- The Smell of War: Three Americans in the Trenches of World War I by Virginia Bernhard
Virginia Bernhard describes the origins of her new book, The Smell of War: Three Americans in the Trenches of World War I, as a happy archival accident. While researching, Bernhard noticed that three men who composed extensive primary source material shared wartime experiences in the region of Bois-le-Prêtre, a World War I battlefield known as "the wood of death." The finished product is an interesting glimpse into the wartime perceptions of three very different men recording the Great War from the same vantage point.
The Smell of War is based on the writings of Henry Sheahan, a volunteer ambulance driver for the American Ambulance Field Service; Mike Hogg, a captain leading American soldiers in France; and George Wythe, who fought in the war and also composed a history of his division. The first section of the book focuses on Sheahan's writings, which are engaging. We are fortunate that Sheahan had a background in English, as his rich work [End Page 233] seems to transport the reader to another time with its markedly beautiful literary style. Sheahan's knowledge of the French language makes his accounts particularly compelling for anyone seeking a better understanding of relationships between Allied soldiers and the perceptions of the French concerning American contributions.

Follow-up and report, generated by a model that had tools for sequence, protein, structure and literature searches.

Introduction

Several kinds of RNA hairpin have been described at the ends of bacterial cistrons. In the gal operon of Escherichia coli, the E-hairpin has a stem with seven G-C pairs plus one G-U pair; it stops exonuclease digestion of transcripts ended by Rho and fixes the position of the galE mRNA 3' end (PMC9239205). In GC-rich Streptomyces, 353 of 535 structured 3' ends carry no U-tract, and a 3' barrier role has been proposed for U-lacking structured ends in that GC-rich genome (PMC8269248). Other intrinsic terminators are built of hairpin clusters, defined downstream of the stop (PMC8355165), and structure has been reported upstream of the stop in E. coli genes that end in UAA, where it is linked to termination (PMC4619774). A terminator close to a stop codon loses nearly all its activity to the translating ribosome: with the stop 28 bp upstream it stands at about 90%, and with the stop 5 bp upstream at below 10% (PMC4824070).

The second section of the book focuses on Hogg's and Wythe's letters and writings. Readers interested in a deep, detailed military account will be most pleased with this section. Additionally, those seeking a connection to Texas history will be pleased to learn that both Hogg and Wythe are Texans, trained in the state, and served near one another in Europe. Those seeking to evaluate the American contribution to victory in World War I will enjoy Wythe's detailed battle accounts that describe full American military effectiveness during late August and September 1918.
Readers will certainly enjoy this grouping of fascinating accounts, which Bernhard has successfully edited into a single volume. An endearing aspect of the book is how each account seems to encompass both the horror and the normality that even the most terrible wars offer to those enduring them. Detailed conversations surrounding food, music, hygiene, weather, and clothing, among other subjects, give the book a vivid, realistic quality. Overall, Bernhard's wonderful book will be of interest to a large and varied audience of scholars and other readers.